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Thursday, October 23, 2014

When to Change Your Cover Art and 5 Things to Consider

One of the benefits of the self-marketing movement is that for the first time authors have complete control over their cover art.

A Fallen Hero Rises is the second book I published. It has gone through several cover changes. Below you will see each of them in order. I'll also explain why they didn't work.

1st cover for A Fallen Hero Rises
This was the first cover I designed. I like the mix of colors. However, my name is far to small. The image also did not work well as a thumbnail. Additionally, the dimensions were incorrect making the cover seem warped on Amazon and Smashwords.

2nd Cover - A Fallen Hero Rises
The cover was updated for proper dimensions. It also works better as a thumbnail. However, my name is still too small. The biggest problem is it doesn't feel like a fantasy novel. Being unique is a double-edged sword. It's crucial that your audience be able to look at the cover and immediately determine genre. Which means it should share similar characteristics to other covers in the same genre.

3rd Cover- A Fallen Hero  Rises
Why it works: dragons. Nothing shows a book is an epic fantasy as quickly as putting a dragon on the cover. I like the image but I really screwed up the font. It's almost impossible to read as a thumbnail. Also look a the spacing between the letters. If you look closely you'll find they're uneven. The main reason I changed this, however, was the male figure. He's too old for the demographic. A Fallen Hero Rises is a YA epic fantasy featuring a 17 year old. This guy looks to be in his mid-twenties.

That brings us to the current cover.

I kept the same background and general colors but adjusted the shadow and midpoint levels. This makes the buildings easier to see. You'll notice the color palette is identical to the original cover. However, this cover feels more polished. It's also similar to current covers in the same genre. The font is much more legible and works extremely well as a thumbnail.

Now that you've seen the progression of covers, here are the 5 things I suggest you consider when updating your cover art.

1. Font and Verbage Are as Important as Image

Too often, focus is placed on the image used. It's often the use of font and placement of words that separate amateur and professional-looking covers. The font needs to identify genre and it has to "pop". Look at current best sellers in your genre to determine the types of font used. Don't get fancy. Don't get cute. Put as much time into choosing font and verbage on the cover as Coca Cola or Microsoft would before putting up a billboard.

2. Consider Your Target Demographic

The image has to resonate with your target demographic. Usually, a book with people on the cover is easier to relate to. Make sure the people on the cover speak to the target demographic. That's why most romance novels feature couples. Many erotica covers mimic the look of Fifty Shades of Grey for the same reason. To speed up the buying process, people need to be able to pigeon hole your book in a very specific genre with one look at the cover. If they can't place it into a genre, they won't likely read the blurb. If they don't like the blurb, they  probably won't buy the book. But that's a completely different blog post.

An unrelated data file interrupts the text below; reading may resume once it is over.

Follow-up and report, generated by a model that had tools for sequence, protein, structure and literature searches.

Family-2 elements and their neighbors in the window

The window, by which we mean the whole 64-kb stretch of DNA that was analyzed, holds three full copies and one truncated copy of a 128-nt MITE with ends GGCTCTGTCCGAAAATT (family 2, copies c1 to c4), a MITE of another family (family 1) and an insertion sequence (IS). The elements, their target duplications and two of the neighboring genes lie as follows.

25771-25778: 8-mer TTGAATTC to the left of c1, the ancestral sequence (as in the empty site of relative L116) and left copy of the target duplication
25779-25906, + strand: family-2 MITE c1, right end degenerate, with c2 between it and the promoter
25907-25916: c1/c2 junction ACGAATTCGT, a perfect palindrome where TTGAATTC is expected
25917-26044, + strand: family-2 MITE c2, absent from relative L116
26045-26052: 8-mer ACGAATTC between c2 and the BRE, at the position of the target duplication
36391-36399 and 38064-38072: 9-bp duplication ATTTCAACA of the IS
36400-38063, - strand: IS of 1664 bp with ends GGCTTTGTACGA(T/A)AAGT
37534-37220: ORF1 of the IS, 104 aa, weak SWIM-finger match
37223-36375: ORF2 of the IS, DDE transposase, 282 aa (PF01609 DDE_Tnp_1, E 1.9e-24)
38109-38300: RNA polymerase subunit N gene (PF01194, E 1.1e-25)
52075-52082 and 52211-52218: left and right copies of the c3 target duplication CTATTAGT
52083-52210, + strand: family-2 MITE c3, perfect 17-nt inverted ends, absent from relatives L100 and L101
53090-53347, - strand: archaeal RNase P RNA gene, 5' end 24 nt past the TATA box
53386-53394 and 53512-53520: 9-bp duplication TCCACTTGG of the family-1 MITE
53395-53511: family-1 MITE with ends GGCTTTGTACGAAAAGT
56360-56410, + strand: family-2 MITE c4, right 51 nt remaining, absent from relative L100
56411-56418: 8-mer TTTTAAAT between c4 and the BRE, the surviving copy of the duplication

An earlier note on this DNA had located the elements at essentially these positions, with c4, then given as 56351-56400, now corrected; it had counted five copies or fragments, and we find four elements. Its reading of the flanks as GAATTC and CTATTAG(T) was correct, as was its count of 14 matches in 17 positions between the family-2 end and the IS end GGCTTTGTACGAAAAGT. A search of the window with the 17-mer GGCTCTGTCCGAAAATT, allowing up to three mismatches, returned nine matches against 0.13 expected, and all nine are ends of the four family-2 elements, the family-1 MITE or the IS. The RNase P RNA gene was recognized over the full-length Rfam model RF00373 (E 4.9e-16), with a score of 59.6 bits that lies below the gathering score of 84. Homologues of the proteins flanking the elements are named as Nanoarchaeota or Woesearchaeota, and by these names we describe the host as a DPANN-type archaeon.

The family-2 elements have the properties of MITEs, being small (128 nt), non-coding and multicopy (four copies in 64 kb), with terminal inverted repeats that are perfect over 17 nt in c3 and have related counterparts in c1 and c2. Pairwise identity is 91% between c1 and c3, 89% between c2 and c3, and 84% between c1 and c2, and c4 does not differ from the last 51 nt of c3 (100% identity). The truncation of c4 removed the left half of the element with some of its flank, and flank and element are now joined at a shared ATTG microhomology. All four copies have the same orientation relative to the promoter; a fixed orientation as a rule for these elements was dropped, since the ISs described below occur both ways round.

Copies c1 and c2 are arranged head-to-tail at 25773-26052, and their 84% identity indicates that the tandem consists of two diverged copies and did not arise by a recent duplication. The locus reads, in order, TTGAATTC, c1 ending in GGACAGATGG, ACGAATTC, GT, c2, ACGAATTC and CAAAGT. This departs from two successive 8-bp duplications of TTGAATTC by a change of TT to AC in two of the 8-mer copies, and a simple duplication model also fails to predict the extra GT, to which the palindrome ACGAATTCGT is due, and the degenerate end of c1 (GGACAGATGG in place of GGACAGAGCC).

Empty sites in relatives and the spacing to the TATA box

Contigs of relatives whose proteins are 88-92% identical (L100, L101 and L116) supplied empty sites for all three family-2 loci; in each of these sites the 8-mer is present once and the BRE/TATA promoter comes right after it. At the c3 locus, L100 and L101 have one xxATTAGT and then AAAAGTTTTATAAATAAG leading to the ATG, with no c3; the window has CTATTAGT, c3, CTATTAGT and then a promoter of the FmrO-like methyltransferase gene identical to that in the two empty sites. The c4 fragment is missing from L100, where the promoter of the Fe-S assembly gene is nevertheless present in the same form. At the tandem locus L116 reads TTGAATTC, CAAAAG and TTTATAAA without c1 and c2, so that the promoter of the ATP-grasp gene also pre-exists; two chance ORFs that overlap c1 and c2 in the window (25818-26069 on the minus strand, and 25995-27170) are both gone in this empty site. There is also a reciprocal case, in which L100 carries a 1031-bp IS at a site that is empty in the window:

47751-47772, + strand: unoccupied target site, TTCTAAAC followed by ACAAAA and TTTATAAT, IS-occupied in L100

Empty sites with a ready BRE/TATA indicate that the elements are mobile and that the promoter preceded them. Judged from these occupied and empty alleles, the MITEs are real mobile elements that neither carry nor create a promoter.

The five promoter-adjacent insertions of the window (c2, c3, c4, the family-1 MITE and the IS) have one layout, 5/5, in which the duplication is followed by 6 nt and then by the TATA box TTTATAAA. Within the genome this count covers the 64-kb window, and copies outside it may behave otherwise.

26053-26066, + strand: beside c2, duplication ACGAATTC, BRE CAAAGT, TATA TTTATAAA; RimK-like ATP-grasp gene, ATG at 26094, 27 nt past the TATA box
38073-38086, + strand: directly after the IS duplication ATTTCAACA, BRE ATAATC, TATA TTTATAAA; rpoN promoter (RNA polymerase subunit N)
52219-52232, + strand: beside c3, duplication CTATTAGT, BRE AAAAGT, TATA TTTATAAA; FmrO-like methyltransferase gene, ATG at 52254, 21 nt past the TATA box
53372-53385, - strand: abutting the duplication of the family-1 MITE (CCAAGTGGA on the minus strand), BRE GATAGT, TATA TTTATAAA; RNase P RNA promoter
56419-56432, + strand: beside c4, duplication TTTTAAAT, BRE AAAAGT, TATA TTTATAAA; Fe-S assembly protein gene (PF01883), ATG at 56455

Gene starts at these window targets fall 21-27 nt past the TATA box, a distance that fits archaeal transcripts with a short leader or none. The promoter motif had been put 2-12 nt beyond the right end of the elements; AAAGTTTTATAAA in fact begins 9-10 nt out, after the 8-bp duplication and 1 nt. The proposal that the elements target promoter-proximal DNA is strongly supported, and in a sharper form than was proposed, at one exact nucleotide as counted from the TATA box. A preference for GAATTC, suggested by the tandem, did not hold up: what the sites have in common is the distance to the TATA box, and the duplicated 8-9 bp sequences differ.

Usually, it is more important that your cover relate to genre expectations than being an accurate reflection on events in your book. Here's the perfect example: the Dresden Novels. On almost every cover in the series, Harry Dresden is shown wearing a fedora. It tells gives the sense of magic and mystery even though Dresden never wears a fedora. Ever.

Remember when Harry wore a hat?
Me neither.

3. Make Your Name Prominent

Remember: you are building a brand. If they don't know your name, you can't build product awareness. Many writers do not have a background in marketing so building a brand is a complete mystery to them. In marketing terms, if you are a new writer you need to build Brand Awareness. For companies, their logo is their brand. For you, it is your name.

Link to Intro to Marketing Principles for Writers
Forbes - Why Brand Building is Important

4. Consistency

Again, you are trying to build brand awareness. You want people to look at a book cover and IMMEDIATELY know it's your cover. Look at all the covers for Stephen King or Dean Koontz. The fonts and color palettes are usually similar. This is especially important for your 5-10 books. If you update one cover, consider updating the other covers to build consistency

This article has several great tips on consistency: 5 Tips for a Great Book Cover

5. Don't over pay for cover art.

One statistic states the average self-published book sells around 150-200 copies (source: 25 Things to Know When Self-Publishing). It doesn't make sense for most people to spend hundreds of dollars on one cover. If you plan on publishing many books, consider taking the time to learn Photoshop (and trust me, it will take many, many months to become an expert). If you don't have the time, there are many avenues to get inexpensive cover art. On the other hand, paying a small amount of money for a bad cover can be equally expensive. Like it or not, everyone judges a book by its cover, especially in the digital world.

Cover art is an important part of your branding as an author.


Amazon: M Joseph Murphy on Amazon: Paperback and ebook
Smashwords: M Joseph Murphy Author Page on Smashwords
Kobo: M Joseph Murphy Books on Kobo

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